To start, make a list of people, influencers and companies you would like to connect with. It helps to take initial notes on any info you have on them or their company, what line of business or industry they’re in, etc. With the amount of online search tools, you can find out a lot about a person or company fairly easily. Draft an email (or tweet) on what you want to send to them and keep it in your draft folder. I often find that I want to read through a pitch email and add or delete things throughout the week so that once I’m ready to send, I’m 100% happy with it. Think of this email as a pitch — keep it short and simple but concise. You have to assume this person is busy and doesn’t have all the time in the world to read a long-winded email from a complete stranger.
Once you’ve made initial contact, start planning how you’re going to meet in person if you can (always the best). Make sure you’re clear on what you are looking for and what your goals and objectives are for this meeting. It’s important to go into meetings with a clear idea of what you hope to get out of them.
Make the Trip Out
In this day and age when people use email way too much, it’s refreshing for companies to know that you are making the effort and spending the extra time to come to them. Scheduling a face-to-face meeting is worth its weight in gold (trust me, it works) because it shows that person/company that you mean business and that you’re willing to spend the money and make the trip out. When I make these trips, I only do so when I have enough people to meet with, so my time (and money) is well spent. I pack as many meetings into a day as I reasonably can but with enough time in between to allow for meetings that don’t start on time.
Don’t feel like you have to spend an entire week away. Time is money, and you can often get what you need done in approximately three days. I have found that being efficient is key, and as I mentioned above, you want to make wise use of your time and money. Find ways to save money on the more expensive items, which leads me to my next tip . . .
Spend Your Money Wisely
Being a Smart Cookie definitely has its advantages when it comes to being aware of how and where I spend my money. You better believe that I’m extremely conscious of the cost of such a trip and watch my spending like a hawk. The bonus is that the trip can be a tax write-off, since it is technically a business expense. Hotel and airfare tend to be the most costly, so when I take my business meetings in a city like New York, I tap into every single resource I have to save the most money. Air-mile points, staying with friends to avoid costly hotel charges; you name it, I’ve done it! If you cannot use points or book far enough in advance (I typically book one month ahead), you can still find deals out there. If you fly a particular airline, make sure you not only check their website but also see if they are on social media (Twitter in particular). They will often have specific days and times when they post their latest airfare deals (for example, in Canada, Westjet Airlines tweets their latest flight deals every Thursday at 1pm PST).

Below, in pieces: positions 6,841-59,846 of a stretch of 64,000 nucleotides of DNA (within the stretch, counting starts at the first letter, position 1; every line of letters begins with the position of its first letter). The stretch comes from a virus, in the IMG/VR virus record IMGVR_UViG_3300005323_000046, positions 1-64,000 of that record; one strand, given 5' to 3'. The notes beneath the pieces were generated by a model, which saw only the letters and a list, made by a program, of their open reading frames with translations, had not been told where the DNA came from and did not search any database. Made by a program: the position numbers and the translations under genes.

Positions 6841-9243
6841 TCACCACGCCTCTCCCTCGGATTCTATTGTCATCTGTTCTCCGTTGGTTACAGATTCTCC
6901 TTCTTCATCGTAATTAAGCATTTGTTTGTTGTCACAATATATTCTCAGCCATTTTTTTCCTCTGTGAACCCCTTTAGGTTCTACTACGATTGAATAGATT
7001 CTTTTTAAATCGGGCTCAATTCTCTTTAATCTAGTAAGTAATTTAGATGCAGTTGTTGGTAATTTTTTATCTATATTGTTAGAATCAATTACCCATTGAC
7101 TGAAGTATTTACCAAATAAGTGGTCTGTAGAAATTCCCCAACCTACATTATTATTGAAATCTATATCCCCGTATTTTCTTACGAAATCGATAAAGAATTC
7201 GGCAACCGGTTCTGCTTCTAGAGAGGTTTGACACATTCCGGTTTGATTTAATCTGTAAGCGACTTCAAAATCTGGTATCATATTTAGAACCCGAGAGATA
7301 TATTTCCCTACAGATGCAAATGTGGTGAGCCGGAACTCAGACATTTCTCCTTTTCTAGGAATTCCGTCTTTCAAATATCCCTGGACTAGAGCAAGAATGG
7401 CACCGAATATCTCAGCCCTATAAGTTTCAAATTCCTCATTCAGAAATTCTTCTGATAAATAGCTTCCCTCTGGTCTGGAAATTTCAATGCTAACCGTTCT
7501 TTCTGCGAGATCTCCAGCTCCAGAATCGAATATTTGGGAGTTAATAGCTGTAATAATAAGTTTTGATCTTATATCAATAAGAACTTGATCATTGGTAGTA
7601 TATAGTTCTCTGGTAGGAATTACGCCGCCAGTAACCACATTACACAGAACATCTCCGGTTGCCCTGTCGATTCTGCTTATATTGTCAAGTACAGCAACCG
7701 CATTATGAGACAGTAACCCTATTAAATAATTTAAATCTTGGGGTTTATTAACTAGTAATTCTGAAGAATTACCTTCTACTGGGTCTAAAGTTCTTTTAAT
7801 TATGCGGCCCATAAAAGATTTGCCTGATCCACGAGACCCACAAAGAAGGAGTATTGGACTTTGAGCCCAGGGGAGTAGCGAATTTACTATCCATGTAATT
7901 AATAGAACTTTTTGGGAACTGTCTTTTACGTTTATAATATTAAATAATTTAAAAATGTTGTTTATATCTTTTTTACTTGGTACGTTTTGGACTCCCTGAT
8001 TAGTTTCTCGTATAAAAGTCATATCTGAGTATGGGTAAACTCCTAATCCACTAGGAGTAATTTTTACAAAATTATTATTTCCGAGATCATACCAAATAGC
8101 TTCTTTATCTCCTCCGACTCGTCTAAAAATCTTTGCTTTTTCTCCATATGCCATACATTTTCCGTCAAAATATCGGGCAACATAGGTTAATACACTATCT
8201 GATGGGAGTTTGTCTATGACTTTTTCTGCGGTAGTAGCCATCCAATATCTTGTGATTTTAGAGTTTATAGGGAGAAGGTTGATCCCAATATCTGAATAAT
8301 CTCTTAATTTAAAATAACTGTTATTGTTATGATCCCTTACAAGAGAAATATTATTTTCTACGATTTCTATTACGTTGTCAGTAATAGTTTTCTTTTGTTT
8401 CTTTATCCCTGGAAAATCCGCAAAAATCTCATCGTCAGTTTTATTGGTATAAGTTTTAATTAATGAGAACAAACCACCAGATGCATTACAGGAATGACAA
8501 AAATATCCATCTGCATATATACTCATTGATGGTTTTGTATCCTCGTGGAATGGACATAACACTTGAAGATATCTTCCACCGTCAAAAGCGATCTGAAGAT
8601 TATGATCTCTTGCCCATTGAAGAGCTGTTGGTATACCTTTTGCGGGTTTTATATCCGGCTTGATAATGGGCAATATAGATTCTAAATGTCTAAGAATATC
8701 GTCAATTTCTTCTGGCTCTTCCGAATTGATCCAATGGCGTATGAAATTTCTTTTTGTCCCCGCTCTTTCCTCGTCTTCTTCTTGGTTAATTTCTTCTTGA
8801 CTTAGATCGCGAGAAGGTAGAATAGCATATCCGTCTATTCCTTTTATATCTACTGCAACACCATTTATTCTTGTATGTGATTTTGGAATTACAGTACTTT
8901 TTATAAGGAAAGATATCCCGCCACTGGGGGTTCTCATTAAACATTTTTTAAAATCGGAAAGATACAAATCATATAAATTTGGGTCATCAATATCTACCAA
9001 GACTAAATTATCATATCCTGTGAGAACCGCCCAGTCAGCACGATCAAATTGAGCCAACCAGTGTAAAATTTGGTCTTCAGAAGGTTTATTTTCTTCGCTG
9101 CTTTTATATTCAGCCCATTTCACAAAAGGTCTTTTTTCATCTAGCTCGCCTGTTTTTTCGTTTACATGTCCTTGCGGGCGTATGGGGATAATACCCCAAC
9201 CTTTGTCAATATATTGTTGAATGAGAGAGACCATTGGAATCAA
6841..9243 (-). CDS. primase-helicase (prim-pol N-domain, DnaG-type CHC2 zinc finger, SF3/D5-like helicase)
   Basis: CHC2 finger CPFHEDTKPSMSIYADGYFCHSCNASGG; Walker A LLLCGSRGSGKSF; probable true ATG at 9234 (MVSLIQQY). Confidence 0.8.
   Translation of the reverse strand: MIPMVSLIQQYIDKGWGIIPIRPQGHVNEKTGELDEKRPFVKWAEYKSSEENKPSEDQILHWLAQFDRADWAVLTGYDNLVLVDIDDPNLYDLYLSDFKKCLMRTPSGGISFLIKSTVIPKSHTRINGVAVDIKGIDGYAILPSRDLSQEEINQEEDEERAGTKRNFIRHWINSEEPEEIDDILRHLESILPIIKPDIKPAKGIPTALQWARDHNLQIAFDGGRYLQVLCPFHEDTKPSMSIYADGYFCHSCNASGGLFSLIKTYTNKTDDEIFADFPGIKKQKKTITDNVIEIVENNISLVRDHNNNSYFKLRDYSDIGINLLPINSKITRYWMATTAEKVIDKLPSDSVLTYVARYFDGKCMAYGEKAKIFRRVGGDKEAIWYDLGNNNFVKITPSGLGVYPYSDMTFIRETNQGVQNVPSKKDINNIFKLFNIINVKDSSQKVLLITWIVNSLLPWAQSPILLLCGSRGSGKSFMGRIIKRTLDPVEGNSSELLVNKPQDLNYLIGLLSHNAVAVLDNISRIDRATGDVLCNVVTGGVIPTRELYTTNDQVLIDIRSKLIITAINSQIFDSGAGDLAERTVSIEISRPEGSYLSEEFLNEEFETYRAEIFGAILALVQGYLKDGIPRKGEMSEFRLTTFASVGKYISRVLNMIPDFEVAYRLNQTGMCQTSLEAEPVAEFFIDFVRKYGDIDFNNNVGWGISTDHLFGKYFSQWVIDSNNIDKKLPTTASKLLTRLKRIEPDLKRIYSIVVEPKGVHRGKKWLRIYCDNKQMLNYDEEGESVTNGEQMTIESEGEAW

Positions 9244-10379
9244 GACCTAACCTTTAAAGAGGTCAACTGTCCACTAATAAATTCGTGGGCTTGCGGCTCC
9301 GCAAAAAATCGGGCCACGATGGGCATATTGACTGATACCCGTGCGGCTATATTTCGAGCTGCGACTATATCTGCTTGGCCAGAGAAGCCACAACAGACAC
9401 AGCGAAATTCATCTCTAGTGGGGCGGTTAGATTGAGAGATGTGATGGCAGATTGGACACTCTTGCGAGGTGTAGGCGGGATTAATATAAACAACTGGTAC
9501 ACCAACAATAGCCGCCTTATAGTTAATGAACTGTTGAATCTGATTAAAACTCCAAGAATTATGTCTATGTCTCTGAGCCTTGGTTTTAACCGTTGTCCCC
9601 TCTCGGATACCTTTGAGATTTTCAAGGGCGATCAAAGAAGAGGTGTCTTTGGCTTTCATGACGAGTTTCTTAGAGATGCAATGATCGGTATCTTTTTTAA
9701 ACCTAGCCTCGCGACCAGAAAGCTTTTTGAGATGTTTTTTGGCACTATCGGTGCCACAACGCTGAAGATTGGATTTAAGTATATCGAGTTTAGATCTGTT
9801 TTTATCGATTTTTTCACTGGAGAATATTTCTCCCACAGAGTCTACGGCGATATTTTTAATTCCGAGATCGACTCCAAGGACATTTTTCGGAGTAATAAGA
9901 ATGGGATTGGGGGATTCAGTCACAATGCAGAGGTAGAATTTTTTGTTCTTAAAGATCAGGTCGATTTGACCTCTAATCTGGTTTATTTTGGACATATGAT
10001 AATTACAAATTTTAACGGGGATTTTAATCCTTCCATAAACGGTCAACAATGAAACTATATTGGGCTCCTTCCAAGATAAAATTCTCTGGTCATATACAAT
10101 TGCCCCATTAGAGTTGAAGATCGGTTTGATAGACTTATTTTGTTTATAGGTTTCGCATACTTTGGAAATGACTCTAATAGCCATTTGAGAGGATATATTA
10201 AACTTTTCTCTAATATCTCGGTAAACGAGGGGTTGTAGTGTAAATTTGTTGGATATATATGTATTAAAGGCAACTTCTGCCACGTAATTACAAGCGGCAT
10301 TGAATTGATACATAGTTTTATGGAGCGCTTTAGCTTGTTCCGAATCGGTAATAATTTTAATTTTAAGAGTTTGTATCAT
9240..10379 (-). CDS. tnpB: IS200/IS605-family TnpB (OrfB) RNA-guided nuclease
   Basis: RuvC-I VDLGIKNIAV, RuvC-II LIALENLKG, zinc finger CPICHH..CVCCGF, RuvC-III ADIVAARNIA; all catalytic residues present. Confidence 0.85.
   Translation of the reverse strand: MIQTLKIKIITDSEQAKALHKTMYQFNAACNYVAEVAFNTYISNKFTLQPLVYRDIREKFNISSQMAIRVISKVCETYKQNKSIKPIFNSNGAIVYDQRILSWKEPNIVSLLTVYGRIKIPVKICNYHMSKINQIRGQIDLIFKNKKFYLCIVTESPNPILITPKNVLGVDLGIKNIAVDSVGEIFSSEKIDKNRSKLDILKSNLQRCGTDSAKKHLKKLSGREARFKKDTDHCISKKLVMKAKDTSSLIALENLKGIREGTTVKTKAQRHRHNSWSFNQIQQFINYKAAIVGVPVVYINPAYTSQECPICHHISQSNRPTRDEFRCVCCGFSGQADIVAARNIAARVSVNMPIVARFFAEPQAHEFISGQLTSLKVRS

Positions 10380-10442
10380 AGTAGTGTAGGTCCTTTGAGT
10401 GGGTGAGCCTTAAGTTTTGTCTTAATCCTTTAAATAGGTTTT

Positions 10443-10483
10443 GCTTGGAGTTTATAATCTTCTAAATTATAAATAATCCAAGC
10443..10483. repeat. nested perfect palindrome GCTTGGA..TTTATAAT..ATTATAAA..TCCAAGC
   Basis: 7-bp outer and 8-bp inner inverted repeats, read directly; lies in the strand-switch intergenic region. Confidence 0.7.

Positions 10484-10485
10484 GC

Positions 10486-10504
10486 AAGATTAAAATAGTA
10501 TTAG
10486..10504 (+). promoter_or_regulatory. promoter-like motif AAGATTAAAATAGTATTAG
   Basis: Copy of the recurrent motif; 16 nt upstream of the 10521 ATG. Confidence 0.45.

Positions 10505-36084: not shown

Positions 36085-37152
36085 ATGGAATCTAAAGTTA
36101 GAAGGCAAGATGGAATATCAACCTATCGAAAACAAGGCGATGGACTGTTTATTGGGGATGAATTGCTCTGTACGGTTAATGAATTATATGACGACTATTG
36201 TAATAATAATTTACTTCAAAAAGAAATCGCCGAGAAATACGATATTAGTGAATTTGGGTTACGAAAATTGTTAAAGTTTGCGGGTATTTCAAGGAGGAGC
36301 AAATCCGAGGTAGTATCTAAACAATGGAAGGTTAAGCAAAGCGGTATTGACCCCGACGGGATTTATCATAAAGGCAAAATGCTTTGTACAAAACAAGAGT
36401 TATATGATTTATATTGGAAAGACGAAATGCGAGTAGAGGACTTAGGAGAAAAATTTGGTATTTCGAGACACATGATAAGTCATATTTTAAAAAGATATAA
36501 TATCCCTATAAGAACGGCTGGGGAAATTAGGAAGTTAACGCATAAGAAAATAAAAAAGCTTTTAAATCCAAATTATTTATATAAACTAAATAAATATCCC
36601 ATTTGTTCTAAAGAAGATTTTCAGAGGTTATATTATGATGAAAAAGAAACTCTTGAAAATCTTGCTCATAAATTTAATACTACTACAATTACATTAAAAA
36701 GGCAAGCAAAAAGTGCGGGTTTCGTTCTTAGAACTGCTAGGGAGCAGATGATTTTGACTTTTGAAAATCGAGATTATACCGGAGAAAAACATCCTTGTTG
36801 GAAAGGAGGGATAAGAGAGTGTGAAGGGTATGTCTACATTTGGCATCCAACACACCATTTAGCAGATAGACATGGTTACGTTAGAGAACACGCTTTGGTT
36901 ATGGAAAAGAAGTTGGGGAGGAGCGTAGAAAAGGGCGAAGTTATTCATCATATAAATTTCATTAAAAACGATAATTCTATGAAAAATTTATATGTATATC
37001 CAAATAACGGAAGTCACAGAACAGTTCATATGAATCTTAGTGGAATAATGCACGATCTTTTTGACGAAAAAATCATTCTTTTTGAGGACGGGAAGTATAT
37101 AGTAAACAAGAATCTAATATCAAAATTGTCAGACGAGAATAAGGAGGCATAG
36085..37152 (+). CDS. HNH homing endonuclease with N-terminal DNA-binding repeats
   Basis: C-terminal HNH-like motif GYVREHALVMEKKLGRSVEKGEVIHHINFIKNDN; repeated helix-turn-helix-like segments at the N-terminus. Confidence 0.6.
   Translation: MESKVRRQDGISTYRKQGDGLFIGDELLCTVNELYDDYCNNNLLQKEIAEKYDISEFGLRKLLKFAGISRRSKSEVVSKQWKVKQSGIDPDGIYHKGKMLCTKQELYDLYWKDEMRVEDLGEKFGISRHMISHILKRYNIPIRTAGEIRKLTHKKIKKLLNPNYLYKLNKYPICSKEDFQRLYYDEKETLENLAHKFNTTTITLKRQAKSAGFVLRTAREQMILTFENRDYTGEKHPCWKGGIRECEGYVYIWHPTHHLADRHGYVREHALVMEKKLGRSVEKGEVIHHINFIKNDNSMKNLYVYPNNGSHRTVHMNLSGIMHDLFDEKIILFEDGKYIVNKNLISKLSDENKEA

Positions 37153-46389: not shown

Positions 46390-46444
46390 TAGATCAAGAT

When it comes to accommodations, I have been pretty lucky because I have friends in the cities where I travel. When that isn’t the case, I have still saved money on accommodations. During a recent business trip to NYC, I specifically tweeted using “travel” and the city I was flying to, and I was able to get an amazing rate at a great hotel (hint hint, the DoubleTree by Hilton in NYC). Be sure to use hashtags (#) for the city you are inquiring about (e.g., #NYC) and hashtags for keywords such as #travel, #visiting and #LP (for Lonely Planet). A great website I found is #TNI, which stands for Travelers Night In. It’s an online platform where you can get tons of tips, ideas and deals on all things travel from other likeminded travelers and experts.
Food for thought: It’s important to stay in touch with the people you do connect with or meet. Based on my experience, maintaining regular (but not overly pushy) contact is worth your time and effort. It shows that you appreciated their time, that their relationship is valuable to you and that you are motivated to keep the doors open. Because you’ve had the chance to meet with them in person, they’ve gotten a feel for who you are and how you present yourself. Sending a thank you email or communication is key because acknowledging that they took time out of their busy schedules to meet you is always appreciated and a nice touch.
I’ve had the opportunity to foster some amazing business relationships in the cities I’ve traveled to, and I’ve built them up by maintaining regular contact, whether it’s letting them know what I’ve been up to or if I’m coming to town. Going the extra mile is always worth it.